Developing a Successful Online Brand

One of the assumptions in the early days of the web was that it was a level playing field. Low entry costs allowed the little guy to compete against the big guys. Smaller businesses actually had an advantage they could move more quickly than the clueless big guys. It hasn’t quite worked out that way. But sometimes the savvy little guy does win.

Here’s how Arrow Pharmacy and Nutrition Centers, a nationwide chain of more than 100 drugstores, developed an online drugstore. Several well-funded online pharmacies were also in planning stages. Competition was intense. The Arrow chain had several advantages: its existing customer base and relationships, established distribution system, and goodwill generated by its image as a pharmacist-managed corporation.

Based on knowledge about people looking for serious answers to serious medical questions, “Your Pharmacist Recommends” became the theme for site design and for subsequent marketing (a concept that has since been copied by competitors). “Health Clinics” covering more than 120 diseases and conditions were established to provide information and community. The site was designed to be rebranded by special-interest web sites, HMOs, and supermarket chains.

The name/URL “” and the “triangle people” logo were developed. Site navigation was designed for both “drugstore” (general topics such as women’s health) and “disease state” (specific conditions such as arthritis) to accommodate customer shopping preferences. Site technologists built front-end e-commerce features with a back-end linked to the Arrow fulfillment system, enabling seamless prescription processing from online ordering to home delivery.

The general marketing strategy was to proceed in stages: First, build traffic and brand awareness; next, populate the customer database for remarketing; and last, integrate online and offline marketing. A parallel project involved rebranding the Familymeds site on a number of other sites. This mirrored the Arrow offline practice of locating pharmacies within clinics.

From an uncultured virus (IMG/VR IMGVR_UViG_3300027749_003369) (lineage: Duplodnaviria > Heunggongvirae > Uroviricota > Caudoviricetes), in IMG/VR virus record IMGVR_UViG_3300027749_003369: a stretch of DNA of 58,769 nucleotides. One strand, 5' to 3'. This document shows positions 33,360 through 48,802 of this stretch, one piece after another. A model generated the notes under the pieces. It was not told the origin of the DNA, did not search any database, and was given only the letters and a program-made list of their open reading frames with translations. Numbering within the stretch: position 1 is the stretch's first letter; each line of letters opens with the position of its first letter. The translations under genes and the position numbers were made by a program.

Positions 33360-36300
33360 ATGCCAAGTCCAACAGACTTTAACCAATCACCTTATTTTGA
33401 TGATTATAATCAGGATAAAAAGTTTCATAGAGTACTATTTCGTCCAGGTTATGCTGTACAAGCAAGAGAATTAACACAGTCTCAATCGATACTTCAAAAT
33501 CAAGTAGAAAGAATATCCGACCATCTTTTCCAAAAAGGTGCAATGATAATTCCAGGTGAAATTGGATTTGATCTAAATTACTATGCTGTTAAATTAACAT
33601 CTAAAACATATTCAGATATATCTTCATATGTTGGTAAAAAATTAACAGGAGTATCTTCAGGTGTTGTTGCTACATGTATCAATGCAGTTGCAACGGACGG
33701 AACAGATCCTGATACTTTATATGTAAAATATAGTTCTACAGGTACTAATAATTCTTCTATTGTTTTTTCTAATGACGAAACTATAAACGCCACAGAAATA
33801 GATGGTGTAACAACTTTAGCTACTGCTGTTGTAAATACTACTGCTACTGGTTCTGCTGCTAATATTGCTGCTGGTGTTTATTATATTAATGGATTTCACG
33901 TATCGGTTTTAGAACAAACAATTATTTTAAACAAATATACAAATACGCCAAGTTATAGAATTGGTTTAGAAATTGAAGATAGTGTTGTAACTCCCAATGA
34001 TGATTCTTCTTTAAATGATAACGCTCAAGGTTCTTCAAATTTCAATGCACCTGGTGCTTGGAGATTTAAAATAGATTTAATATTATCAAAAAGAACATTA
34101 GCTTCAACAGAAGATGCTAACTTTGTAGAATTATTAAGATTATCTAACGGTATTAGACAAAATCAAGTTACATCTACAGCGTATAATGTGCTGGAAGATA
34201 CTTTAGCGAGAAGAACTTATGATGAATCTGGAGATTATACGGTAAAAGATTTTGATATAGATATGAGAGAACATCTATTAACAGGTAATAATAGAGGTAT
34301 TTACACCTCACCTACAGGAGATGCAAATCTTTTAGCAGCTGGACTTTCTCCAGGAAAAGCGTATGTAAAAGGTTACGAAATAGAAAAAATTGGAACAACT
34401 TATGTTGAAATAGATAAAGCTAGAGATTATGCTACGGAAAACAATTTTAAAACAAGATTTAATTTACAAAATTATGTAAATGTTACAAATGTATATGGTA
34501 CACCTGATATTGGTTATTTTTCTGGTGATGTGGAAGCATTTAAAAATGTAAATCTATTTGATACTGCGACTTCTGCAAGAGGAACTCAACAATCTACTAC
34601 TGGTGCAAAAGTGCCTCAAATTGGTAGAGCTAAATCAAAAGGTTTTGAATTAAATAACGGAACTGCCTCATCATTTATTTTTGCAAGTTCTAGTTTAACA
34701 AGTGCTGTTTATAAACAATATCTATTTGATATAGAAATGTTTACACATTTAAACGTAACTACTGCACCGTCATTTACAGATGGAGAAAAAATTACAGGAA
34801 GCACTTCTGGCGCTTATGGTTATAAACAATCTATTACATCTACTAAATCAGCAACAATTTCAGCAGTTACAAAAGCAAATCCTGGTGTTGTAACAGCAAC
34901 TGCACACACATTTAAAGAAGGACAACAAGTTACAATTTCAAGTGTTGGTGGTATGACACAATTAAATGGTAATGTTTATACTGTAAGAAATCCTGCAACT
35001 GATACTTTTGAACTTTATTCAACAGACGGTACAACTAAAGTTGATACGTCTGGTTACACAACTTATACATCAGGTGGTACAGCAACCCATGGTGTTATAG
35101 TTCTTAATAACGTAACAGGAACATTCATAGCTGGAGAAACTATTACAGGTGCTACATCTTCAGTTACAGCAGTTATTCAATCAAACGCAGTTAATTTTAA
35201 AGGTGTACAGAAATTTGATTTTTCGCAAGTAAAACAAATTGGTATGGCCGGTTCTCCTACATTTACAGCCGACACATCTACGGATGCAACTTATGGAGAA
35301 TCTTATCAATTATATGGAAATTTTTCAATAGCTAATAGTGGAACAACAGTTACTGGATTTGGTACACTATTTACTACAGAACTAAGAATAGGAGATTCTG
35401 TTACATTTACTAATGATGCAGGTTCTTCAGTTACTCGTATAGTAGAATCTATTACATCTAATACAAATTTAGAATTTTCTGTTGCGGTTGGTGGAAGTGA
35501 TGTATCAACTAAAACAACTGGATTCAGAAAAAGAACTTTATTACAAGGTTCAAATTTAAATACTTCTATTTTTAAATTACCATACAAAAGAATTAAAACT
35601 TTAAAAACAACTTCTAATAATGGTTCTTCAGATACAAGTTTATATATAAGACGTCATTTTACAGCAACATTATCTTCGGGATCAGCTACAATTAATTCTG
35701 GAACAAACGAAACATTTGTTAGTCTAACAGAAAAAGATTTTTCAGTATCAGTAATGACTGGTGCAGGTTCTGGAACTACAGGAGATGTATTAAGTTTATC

Broad audience demographics and a limited budget dictated an integrated marketing approach. Both factors worked to Arrow’s advantage. Since the business was solidly established, there was time to continually test the market and refine marketing tactics.

While it was known that the first target audience should be women, campaign results demonstrated that men typically do not get their health information from pharmacy sites. Click analysis and customer surveys showed which medical conditions particularly interested the men, then search engine optimization and media planning were used accordingly.

Costly portal deals that were the bane of were avoided. Media spending was smarter and, therefore, more sustainable. Buys were made on site pages that dealt with specific health issues. For example, third-party pages that discussed the dangers of household poisons to children featured a Familymeds banner that linked to a poison- prevention page on This context-based strategy efficiently delivered qualified traffic.